IS SAYING NO BAD FOR BUSINESS
After believing for many years that the joinery and building industry is seasonal, I am starting to change my view. Traditionally we have seen our business’s experience peak demand towards the end of the year. However, the last few years many of us have returned after the summer holidays with full order books and more inquiries than we can handle or process. This year is certainly no exception, almost everyone I am speaking with has more inquiries than they can handle, very long lead times and are feeling anxious about letting people down and worrying about how much they have to do.
On top of this, business owners and their key people are in danger of taking their eye of the ball and losing touch with key clients, team members, process controls and key business and personal relationships, leading to surprise resignations and a decline in customer satisfaction and personal relationships alike.
“A company finds its destiny by answering 3 questions
1. Who are we?
2. What do we stand for?
3. How do we serve?”Tom Chappell
This is a great time to remind yourself of why you are doing this in the first place and ask yourself some pertinent questions:
- What is my own passion & purpose for this business?
- What is the business’s purpose?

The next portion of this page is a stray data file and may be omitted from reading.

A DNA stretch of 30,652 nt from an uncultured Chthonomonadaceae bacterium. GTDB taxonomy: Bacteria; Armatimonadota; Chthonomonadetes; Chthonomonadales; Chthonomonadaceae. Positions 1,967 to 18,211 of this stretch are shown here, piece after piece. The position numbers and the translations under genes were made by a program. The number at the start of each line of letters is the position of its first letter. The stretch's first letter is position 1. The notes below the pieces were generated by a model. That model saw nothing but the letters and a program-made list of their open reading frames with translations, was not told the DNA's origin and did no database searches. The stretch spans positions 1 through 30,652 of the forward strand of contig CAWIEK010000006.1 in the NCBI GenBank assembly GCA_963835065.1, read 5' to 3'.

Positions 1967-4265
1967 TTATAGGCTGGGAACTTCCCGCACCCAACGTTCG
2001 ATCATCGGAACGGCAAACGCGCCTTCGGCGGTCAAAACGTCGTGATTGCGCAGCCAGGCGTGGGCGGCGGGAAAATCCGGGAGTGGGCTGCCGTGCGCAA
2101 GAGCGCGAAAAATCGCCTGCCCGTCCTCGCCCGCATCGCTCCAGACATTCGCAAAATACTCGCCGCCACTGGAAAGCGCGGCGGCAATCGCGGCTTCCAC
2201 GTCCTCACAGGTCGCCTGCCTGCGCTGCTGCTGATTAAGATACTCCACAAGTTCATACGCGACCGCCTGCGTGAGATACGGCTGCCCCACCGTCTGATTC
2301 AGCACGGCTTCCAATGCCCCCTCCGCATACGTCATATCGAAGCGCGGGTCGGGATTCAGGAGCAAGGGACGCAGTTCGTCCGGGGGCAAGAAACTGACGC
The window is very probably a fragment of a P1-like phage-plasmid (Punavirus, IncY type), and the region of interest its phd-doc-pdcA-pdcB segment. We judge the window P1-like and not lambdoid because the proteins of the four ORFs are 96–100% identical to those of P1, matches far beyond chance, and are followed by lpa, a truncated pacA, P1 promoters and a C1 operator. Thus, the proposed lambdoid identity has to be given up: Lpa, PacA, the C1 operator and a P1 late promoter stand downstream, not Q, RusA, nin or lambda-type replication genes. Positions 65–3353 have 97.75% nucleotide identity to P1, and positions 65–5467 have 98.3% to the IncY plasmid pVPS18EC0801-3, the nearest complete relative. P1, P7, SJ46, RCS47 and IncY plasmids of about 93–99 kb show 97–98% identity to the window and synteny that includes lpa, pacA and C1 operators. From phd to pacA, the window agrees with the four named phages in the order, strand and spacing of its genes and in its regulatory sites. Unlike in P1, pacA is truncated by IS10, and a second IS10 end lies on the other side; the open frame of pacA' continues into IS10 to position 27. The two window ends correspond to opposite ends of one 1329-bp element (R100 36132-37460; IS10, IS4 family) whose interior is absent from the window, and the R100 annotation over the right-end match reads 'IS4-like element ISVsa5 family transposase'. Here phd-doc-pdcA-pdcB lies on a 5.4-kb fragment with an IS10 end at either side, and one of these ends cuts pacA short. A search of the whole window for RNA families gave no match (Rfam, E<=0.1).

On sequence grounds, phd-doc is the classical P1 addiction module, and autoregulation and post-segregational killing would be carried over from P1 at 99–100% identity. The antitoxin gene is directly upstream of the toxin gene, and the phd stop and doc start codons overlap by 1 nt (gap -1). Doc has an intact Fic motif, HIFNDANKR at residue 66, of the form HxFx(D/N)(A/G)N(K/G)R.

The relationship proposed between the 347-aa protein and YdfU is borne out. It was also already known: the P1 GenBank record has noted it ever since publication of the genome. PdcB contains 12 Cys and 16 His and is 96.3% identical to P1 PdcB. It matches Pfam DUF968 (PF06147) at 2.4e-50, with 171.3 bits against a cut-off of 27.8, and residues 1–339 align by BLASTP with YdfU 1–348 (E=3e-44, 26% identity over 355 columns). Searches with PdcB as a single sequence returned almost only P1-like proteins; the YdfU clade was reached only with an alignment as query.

- Who are our ideal clients?
- Why are they our ideal clients?
- What is the value proposition for our chosen clients?
- What are the company’s values? And are we living them?
- Who are our most profitable customers, jobs, or product types over the long term?
- Where do we have a competitive advantage?
- What is our actual capacity for the different work types and are we prepared to increase this?
- Am I or others losing touch with our team? Are any of them a “flight risk”
Ian brooks, a well-respected business leader, speaker, and expert on creating and selling customer value has a quote I always remember, contained within his theme of “it’s about the customer always”.
“The aim in business is to have profitable customers,
who stay with you for a very long time”Dr Ian Brooks
It is a good idea to have conversations with regular clients (who you wish to retain), to understand their future demand and build up a forecast against a budget and the available capacity.
Once you have asked yourself the 10 questions above and are clearer, its then much easier to decide who your chosen clients are, the type of work you desire the most, that which is the most profitable (in profit $ or profit per hour or unit of capacity, not %).
Then, when you look at the new inquires and understand how much work is coming from your regular clients, its much easier to decide which additional opportunities to pursue and those to gracefully decline or refer elsewhere.
Also review your digital messaging on your website, social media etc, you may be attracting the wrong type of clients for these circumstances.
And of course, this cycle will change at some stage, so be prepared to adapt and adjust your focus and strategy to remain flexible in your approach, the team and pricing strategies.